I would recommend the 8' Starboard Pro [gf=1.48] over the 135L pocket rocket [gf=1.65].  10L difference from going from 1.77 to 1.65 is not very noticeable and can potentially slow your learning curve.  If you go starboard, I would recommend the carbon, as it will last forever. 
If you want to get closer to the Tomo feel, you'll definitely like L41.   Lots of guys have tried his boards on this forum.  I ride Kirk's butterknife surfboard, which is kind of like a blown up (big guy's) TOMO Vanguard shape (shrunken down TV Dinner SUP), and it is by far my favorite board for strapless kitesurfing.  All of his shapes are cool and offer a unique ride.  For e.x. the TV Dinner (7'4" x 29" 120L) is the closest thing I have tried to the feeling of a shortboard (7'4" SUP -> 6'4" surfboard, 6'10" SUP -> 5'10" surfboard).  It's wide tail gives it speed, but it is still able to sit deep in the pocket.  Head high waves are no problem with this board.  When the lineup gets crowded, this is my preferred board.  You should also check out the S5, but I have no experience with this board which I suspect will offer more aggressive top to bottom short board style carving.
For BluePlanet, at your weight I would recommend the 126L [gf=1.54]  All Good over the 140L Sweet Spot [gf=1.71].  The plus of BluePlanet is they will ship to the nearest airport, and comes with board bag.
But if you want to find your boards on the used market, I would look for a board under 9' with a volume of around 123L for your next board.  With L41, you generally ride them 1' shorter than your typical SUP.
 ""Long rides after catching impossibly green waves." according to my surfer friends."  The benefit of a bigger board like a SUP is you can catch waves early, when they are still unbroken.  The downside is that beginner SUP surfers may not understand the "right of way" of a surf lineup, and may snake waves without even knowing it, which can cause tension in the lineup.  Riding a smaller SUP, helps to keep balance in the lineup, and is generally safer for everyone.
Soft boards generally have soft rails and the shape is not stiff, so less reactive.  Softboard fins are generally flexy so unreactive too.  A softboard will have more flex creating more the rocker, which will slow the board down.  With a hardboard, you will feel the contours of the rails, and you have the option to try different fin sizes, fin shapes, and fin flex patterns to change the feel of the ride.  Both rails, fins, and tail shape can have a huge effect on the ride.  Nevertheless whatever next board you pick, go with your gut and enjoy the learning process.

Thanks for all the info. I hadn't heard of guild factor before.

Do you have any opinion on sunova boards? The Speeed and Creek are interesting to me based on reviews and design. The Speeed specifically, lots of people talk about really sizing it down? Thoughts?

Badger

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Re: What's the next board?
« Reply #12 on: October 10, 2020, 03:31:43 PM »
I've surfed the Speeed a few times and didn't like it because it's the type of board that surfs best off the tail. I prefer boards that allow you to turn from the middle of the board as well as off the tail. I also didn't like the domed deck and the wide nose.

The Creek appears to be an improved version of the Speeed and may have addressed the things I didn't like about the Speeed that I mentioned above.

As I said in an earlier post, the Flow is my favorite board in the line. Nice curved rails for turning, flat deck and five fin set up are strong points for me.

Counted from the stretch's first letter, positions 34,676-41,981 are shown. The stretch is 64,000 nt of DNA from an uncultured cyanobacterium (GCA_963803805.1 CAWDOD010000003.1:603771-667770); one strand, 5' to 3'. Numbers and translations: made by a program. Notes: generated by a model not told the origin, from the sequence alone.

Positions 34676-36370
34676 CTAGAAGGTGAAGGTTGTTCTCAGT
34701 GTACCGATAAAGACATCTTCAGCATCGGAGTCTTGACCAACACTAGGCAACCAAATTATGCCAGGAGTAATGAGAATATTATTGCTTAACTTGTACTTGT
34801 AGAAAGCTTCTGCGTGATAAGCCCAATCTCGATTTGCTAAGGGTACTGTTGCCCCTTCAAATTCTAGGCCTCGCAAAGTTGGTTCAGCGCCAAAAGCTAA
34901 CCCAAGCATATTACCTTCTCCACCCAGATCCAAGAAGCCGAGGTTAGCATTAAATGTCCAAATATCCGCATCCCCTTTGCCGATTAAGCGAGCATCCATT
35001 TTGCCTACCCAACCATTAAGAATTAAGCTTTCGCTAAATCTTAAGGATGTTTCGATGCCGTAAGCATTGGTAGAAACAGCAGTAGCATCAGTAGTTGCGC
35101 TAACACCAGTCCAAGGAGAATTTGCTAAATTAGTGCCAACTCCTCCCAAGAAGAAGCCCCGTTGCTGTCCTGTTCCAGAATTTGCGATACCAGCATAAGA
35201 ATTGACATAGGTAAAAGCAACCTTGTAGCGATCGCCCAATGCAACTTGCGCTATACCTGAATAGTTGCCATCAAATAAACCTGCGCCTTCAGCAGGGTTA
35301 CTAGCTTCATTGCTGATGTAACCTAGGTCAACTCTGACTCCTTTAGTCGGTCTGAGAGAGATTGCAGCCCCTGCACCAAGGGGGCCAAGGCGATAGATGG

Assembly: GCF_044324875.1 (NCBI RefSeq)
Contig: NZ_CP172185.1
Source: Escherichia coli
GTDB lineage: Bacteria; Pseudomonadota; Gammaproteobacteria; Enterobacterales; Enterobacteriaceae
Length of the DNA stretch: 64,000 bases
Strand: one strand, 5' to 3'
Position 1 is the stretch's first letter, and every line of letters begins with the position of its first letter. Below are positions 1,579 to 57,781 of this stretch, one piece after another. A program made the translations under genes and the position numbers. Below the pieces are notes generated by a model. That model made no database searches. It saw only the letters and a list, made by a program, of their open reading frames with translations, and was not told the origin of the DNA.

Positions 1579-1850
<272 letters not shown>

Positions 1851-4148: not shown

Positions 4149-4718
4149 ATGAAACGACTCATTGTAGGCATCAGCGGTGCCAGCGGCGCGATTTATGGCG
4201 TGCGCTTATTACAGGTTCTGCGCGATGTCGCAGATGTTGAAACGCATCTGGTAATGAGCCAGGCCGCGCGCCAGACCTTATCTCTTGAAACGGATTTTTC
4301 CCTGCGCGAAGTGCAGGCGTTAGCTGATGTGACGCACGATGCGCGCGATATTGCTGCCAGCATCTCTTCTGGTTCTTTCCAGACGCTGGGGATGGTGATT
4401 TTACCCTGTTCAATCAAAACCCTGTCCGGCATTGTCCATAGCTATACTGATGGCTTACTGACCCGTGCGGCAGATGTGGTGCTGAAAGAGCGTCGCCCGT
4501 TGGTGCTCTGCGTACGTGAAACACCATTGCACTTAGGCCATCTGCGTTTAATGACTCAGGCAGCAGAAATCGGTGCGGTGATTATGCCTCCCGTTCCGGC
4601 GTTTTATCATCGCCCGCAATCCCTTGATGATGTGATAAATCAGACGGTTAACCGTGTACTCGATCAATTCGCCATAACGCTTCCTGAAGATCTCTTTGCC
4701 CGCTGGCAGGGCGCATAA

The first thing you want to look at when shopping for a board is the volume.  If the volume doesn't fit your weight, go with a different length or model.

I weigh 175 lbs without my wetsuit and my preferred volume range is about 110 to 120 liters for boards in the 8 ft range. Advanced riders might like a little less volume for that weight and beginners might want a little more.
« Last Edit: October 10, 2020, 04:13:29 PM by Badger »
Jimmy Lewis Super Frank  7'6 X 31"  115L
Sunova Flow  8'10 X 31"  119L
Hypr Gun  10'6 X 28"  148L
Me - 6'0" - 175lbs - 63yo

sflinux

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Re: What's the next board?
« Reply #13 on: October 12, 2020, 07:23:14 AM »
If considering Sunova, be sure to also check out:
https://genration.com/collections/boards
Quiver Shaped by: Joe Blair, Blane Chambers, Kirk McGinty, and Bob Pearson.
Me: 195#, 6'2"

BigZ

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Re: What's the next board?
« Reply #14 on: October 12, 2020, 09:02:15 AM »

Thanks for all the info. I hadn't heard of guild factor before.

Do you have any opinion on sunova boards? The Speeed and Creek are interesting to me based on reviews and design. The Speeed specifically, lots of people talk about really sizing it down? Thoughts?

Although not the only, the guild factor is important  to consider when selecting surf SUPs.

The bottom line is that SUP surfing is a balancing act between stability when paddling around and setting up for waves and performance when riding the waves.

You want the smallest board that allows you to stand and move around between the sets with some (not too much :)) level of comfort.

In my opinion, when you learn, you should pick the board that makes stability challenging but still feasible. Otherwise you donít progress.

In my experience, going over 1.5 guild factor is not beneficial even for a beginner. As you progress you should aim at getting to around 1.2 rather quickly. This seems to be a sweet point for an aspiring intermediate rider. The 1.2 boards donít sink but settle nicely with rails and some of the deck submerged, which in fact increases stability.

Unless you are  fit and committed going below 1.2 may be more challenging.